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Preview: Toronto Maple Leafs at Ottawa Senators; the return of Auston Matthews

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It’s a battle of red versus blue.

Toronto Maple Leafs v Ottawa Senators
We shall always remember that it was the Senators that taught Matthews how boring goal celebrations get by number four or so.
Photo by Jana Chytilova/Freestyle Photography/Getty Images

Toronto Maple Leafs at Ottawa Senators: Game 40

Time: 7:00 pm Eastern Time

Location: The outskirts of our nation’s capital.

Broadcast/Streaming: Hockey Night in Canada broadcast, City, TVAS2, streaming prepaid by your tax dollars in Canada from CBC.ca

Opponent SBNation Site: Silver Sevens

And that’s very true. If you look at where the Leafs shoot the puck from, it’s deep in.

Ahhhhh. It’s a huge red stain! Relax, red is good on this graphic. The darker the red the more above league average the Leafs are at shooting from that spot. And aside from the left point, they do almost all of their shooting from the slot and the inside edge of the faceoff dots.

If you cast your mind back a few years to the dawn of serious research into shot location, you will realize that the giant red blog is in the high- and medium-danger area, represented on this graphic with pink and yellow. The low-danger area is everywhere else.

So the Leafs shoot mostly from the high and medium danger zones. Which isn’t news, but the level to which they do that relative to league average is an impressive deep, dark red.

Now the Senators are a strange, strange team. They are perhaps the only team other than the New York Islanders where the historical determiner of the offensive power is which defence pair is on the ice. If it ain’t Karlsson, it ain’t scoring time.

Travis Yost examines the choice by Guy Boucher to slice some minutes off of Karlsson’s ice time and put it on his second, more defensive pair. Yost doesn’t think it works:

The thing to note here is that Karlsson/Methot Corsi% has plummeted in the new system, to the point that the Sens are actually better from a shot advantage standpoint when they are off the ice. A second note: while the goal differential seems fantastic, it’s almost exclusively goaltender driven. Ottawa goaltenders have stopped 94.5 per cent of shots with the Karlsson/Methot pairing together this year, which is impossibly high. Their four-year SV% at 5-on-5 before this year was, as you might have guessed, right around league average (92.5 per cent).

He also doesn’t think Ceci-Phaneuf are very good defensively. No? Phaneuf, not really all that hot at defence? Amazing.

But there’s more to defence than shot counting. So for fun, let’s look at where and how well, the Senators suppress shots in their own zone.

Blobs! Blue blobs! Yes, now there’s blue in the middle. And if you’re a Sens fan, that’s really good. This graphic is upside down relative to the other one, and the net is on the bottom. So what you are seeing is that the Sens allow very few shots in that danger zone and when they do, they are at a low rate compared to the league average. Imagine that dark red blob meeting a cool blue dampening field and you’ve got the idea.

Note the red, slightly above average shot concentration allowed right at the goalie’s stick hand. That seems like a place you might find Auston Matthews or Connor Brown. Note also the higher than average low-danger areas where the Sens do allow a lot more shots than average.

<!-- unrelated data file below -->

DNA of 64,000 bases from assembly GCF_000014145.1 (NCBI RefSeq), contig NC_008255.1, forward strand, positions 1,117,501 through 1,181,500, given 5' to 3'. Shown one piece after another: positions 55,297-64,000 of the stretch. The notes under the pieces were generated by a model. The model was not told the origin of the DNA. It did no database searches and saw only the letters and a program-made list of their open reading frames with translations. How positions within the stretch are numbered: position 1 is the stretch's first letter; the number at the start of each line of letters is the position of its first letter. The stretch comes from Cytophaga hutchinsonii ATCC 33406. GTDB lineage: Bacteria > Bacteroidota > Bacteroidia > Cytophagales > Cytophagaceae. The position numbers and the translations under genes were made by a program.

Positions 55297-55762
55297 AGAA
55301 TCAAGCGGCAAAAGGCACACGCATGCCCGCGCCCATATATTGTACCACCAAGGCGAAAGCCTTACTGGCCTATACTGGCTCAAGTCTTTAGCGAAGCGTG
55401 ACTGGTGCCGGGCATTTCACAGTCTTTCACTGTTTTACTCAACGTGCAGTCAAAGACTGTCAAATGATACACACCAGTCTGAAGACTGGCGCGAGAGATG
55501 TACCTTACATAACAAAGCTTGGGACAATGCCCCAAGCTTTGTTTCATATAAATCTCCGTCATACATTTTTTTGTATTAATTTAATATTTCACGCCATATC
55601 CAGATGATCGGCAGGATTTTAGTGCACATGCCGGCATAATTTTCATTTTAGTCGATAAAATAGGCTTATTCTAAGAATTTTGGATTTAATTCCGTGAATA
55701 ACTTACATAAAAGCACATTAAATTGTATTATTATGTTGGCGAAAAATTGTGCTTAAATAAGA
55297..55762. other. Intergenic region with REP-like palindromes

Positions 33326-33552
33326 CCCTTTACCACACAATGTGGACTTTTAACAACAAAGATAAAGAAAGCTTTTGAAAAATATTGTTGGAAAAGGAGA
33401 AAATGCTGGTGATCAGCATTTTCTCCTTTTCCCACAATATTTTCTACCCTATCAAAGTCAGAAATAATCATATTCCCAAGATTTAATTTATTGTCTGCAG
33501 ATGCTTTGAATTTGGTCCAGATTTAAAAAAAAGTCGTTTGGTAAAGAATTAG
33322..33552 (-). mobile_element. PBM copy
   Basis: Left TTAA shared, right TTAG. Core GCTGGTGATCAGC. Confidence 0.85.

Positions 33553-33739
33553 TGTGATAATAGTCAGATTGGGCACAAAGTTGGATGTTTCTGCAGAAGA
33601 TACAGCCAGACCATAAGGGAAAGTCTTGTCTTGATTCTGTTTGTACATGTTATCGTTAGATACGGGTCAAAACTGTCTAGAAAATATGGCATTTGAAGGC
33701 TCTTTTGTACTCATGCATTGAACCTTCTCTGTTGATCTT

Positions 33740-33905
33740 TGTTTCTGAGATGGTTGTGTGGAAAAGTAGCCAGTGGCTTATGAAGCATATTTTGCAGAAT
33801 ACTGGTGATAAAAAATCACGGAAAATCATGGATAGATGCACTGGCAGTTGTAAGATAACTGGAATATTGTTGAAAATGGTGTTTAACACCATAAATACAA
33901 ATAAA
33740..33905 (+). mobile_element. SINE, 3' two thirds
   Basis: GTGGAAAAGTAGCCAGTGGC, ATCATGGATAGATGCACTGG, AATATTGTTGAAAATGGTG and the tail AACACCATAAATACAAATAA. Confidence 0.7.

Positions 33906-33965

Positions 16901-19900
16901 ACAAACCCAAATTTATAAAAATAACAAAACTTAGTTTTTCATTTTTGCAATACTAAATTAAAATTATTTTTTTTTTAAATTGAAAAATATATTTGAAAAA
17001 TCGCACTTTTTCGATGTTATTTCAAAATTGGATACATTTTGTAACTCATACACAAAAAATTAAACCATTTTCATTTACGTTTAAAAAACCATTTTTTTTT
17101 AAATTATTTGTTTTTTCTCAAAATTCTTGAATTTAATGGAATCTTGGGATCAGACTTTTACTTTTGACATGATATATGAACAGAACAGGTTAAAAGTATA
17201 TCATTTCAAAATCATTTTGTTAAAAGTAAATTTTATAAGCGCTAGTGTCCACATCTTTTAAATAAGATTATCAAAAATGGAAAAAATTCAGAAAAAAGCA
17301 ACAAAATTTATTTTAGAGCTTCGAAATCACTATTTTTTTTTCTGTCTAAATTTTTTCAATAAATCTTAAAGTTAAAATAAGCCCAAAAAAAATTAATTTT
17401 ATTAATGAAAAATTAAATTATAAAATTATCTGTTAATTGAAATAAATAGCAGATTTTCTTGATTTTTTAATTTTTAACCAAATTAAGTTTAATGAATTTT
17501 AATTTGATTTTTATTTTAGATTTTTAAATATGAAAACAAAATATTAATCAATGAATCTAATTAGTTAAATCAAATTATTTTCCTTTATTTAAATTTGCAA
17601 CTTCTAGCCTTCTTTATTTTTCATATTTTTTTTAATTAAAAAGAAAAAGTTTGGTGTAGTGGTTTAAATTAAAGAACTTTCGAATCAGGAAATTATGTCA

So while the shot rates might not look so good for the Sens right now, and the coach’s usage is questionable, they do have almost enough blue to wipe out the giant red blob of Leafs offence.

I hope you learned a lot here because you will be tested on it after the lineups.

Toronto Maple Leafs

(The standard configuration)

Forward Lines

Zach Hyman - Auston Matthews - Connor Brown

James van Riemsdyk - Tyler Bozak - Mitch Marner

Leo Komarov - Nazem Kadri - William Nylander

Matt Martin - Frederik Gauthier - Nikita Soshnikov

Defence Pairings

Morgan Rielly - Nikita Zaitsev

Jake Gardiner - Connor Carrick

Matt Hunwick - Roman Polak

Goaltenders

Frederik Andersen

Curtis McElhinney

Garret Sparks

Ottawa Senators

(From the most recent game)

Forward Lines

Dzingel-Turris-Ryan

Smith-Brassard-Stone

Hoffman-Pageau-Pyatt

Kelly-Lazar-Neil

Defence Pairings

Methot-Karlsson

Phaneuf-Ceci

Borowiecki-Wideman

Goaltenders

Condon

O’Connor


You actually aren’t going to be tested. Curtis McElhinney is. And there’s an interesting quirk about McE, the new guy in blue and white for the Leafs, and your starter tonight. He has a ridiculously high low-danger save percentage in his seven games this year. In fact, it is the highest ever recorded in a season by a goalie who played more than one or two games in the last three and a half years.

If McE keeps that up for his first Leafs start, he will be facing an Ottawa team that shoots in a way nearly the reverse of the Leafs. They shoot a lot from low danger areas, and their shot rate in the slot is much lower than league average. He will look fantastic! And anything the Senators do manage to get in close on him—they play around the net too, just not as much as the Leafs—won’t look like a bad goal. If that is, he keeps up his very small sample of recent game performance.

At the other end of the rink, the Senators need a stand on your head performance from whoever they have in for the night. The red blob is coming, and it shows no mercy!

UPDATED

Yeah, so never mind all that. McElhinney is reported to be injured, Garret Sparks is on the roster, who is in net is unknown.

UPDATED AGAIN!

Never mind the never minding.

So back to the guy with the worse NHL record last year. Yes, I do mean worse than Sparks.